The confidence intervals for estimates of risk ratio crossed 1 (signifying equal ratio and therefore no estimate difference between high- and low-exposure groups) for all differences based on prevalence of above cut-off scoring. The confidence intervals for standardised mean difference crossed zero only for depression. However, study heterogeneity was larger than we assumed during the power calculation and there were the fewest number of studies included for the depression meta-analysis (k = 8), meaning it was likely under-powered to detect small effects.

For those estimates where we had the minimum number of 10 studies [92] to test for publication bias (i.e. the estimates of SMDs for anxiety and PTSD symptoms), Egger’s test indicated no evidence for publication bias (anxiety: p = 0.614; PTSD symptoms: p = 0.212).

The assessment of individual study risk of bias (see supplementary materials) indicated that included studies showed moderate to high risk of bias.

Risk factors, protective factors and additional work stresses

Although it was not possible to examine risk and protective factors meta-analytically, a narrative synthesis was conducted to identify likely candidates.

Nurses typically reported higher levels of symptoms and distress than doctors [32, 35, 42, 56, 59, 63, 71, 81, 93] with a few studies reporting no difference [30, 57, 68] and one study reporting higher rates in doctors [22].

Several studies noted that seeing colleagues infected was a particular source of distress [30, 40, 88]. Furthermore, being quarantined after infection was reported as a predictor of psychological distress and poor mental health [20, 30, 31, 52, 55, 66, 76, 77] which was also reflected in one qualitative study [94] although three studies found no negative impact of quarantine [27, 66, 95].

Notably, numerous studies reported that clinical staff dealing with high-risk infectious disease experienced stigma from friends, family and the public [20, 32, 33, 57, 59, 61, 63, 66, 72, 85,86,87, 90, 96, 97] and perceived stigma was found to be a predictor of poor mental health in the three studies that looked at this association statistically [57, 61, 97].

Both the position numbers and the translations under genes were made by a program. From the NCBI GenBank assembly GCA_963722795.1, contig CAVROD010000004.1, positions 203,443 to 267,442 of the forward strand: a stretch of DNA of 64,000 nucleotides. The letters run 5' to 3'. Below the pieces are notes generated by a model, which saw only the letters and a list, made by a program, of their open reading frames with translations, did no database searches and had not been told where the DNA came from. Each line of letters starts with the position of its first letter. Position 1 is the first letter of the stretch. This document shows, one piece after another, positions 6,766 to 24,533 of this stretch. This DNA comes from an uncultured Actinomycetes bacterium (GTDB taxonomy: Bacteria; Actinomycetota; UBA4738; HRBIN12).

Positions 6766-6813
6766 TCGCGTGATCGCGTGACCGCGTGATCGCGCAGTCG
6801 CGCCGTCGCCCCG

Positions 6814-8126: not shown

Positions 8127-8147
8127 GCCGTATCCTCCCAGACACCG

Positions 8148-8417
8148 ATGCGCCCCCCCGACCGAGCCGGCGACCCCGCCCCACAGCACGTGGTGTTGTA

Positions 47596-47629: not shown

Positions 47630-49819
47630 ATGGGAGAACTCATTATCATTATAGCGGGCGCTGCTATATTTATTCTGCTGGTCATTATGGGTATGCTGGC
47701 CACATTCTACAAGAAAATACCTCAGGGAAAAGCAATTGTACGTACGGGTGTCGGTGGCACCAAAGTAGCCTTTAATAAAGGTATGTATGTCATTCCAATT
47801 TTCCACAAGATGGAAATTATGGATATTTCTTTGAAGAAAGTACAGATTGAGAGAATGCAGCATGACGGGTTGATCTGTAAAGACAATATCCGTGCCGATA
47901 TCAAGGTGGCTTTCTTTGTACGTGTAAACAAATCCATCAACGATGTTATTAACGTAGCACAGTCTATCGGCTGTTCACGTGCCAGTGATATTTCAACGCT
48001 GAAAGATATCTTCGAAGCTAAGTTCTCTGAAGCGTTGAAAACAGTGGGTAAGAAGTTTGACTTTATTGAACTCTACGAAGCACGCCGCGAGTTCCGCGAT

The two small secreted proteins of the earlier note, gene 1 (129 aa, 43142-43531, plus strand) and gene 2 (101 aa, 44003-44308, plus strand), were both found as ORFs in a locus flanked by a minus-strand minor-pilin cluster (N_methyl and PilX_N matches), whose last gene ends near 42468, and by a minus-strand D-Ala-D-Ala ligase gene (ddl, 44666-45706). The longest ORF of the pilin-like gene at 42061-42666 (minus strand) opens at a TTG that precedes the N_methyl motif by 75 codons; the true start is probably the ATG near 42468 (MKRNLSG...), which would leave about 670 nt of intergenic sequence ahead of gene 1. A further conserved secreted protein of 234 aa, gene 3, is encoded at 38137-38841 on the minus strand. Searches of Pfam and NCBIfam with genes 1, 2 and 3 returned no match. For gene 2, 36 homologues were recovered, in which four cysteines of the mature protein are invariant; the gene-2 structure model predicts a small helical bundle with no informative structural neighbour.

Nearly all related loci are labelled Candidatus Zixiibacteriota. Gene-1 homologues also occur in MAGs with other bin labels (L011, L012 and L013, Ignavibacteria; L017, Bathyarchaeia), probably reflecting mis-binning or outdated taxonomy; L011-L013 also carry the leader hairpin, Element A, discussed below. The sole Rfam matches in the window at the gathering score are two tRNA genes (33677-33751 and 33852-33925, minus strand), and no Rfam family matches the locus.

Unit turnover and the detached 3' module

Three studies found that clinical staff who were conscripted, were not willing, or had not volunteered for high-exposure roles reported particularly poor mental health outcomes [26, 30, 69, 98].

Although small in number, longitudinal studies suggested that symptoms of poor mental health tend to peak early during outbreaks but resolve for the majority of responders as time goes on [5, 26]. This pattern of initially high levels of anxiety and distress that reduce over time was also reflected in some of the qualitative studies [83, 89]. One cross-sectional study conducted at two time points and sampling from the same clinical teams found high levels of self-reported poor mental health for high-exposure workers 1 year after high-exposure work [57] although a study on a subsample of participants using a structured interview assessment found the incidence of new onset mental health problems was essentially no different to that found in the general population [43].

In terms of protective factors that reduced the chance of poor mental health or psychological distress, social support, team cohesion or organisational support were identified by numerous studies [22, 24, 31, 40, 45, 55, 68, 72, 78, 81]. This theme was reflected in several qualitative studies [87, 88].

Furthermore, the use, availability, training with, and faith in, infection prevention measures were identified as reducing distress [28, 40, 45, 45, 55, 57, 59, 65, 81]

A sense of professional duty and altruistic acceptance of risk was found to be a protective factor in several studies [32, 52, 60, 77] which was a theme that was strongly reflected in qualitative studies [83, 85, 88, 91] although one study found accepting the risk of SARS infection as part of the job was not associated with reduced psychopathology [97].

Notably, all studies that asked about positive aspects of working in epidemic and pandemic response reported that participants described several factors related development as an individual and a team, particularly in terms of learning new skills and medical knowledge, better adherence to medical procedures, and closer team working and collegiality [28, 33, 59].

Role of formal psychological support services

Although a recent anecdotal report noted clinicians did not find mental health support particularly useful during COVID-19 response [1], several studies found that participants reported formal psychological services to be a useful source of support [32, 45, 72, 87, 90]. One study specifically asked whether staff needed ‘psychological treatment’ and 8.6% of healthcare workers dealing with COVID-19 reported they did [93]. Conversely, however, Chung and Yeung [29] reported that only 2% of staff responding to COVID-19 requested psychological support and all “were reassured after a single phone contact by the psychiatric nurse” although this was a small study with just 69 participants.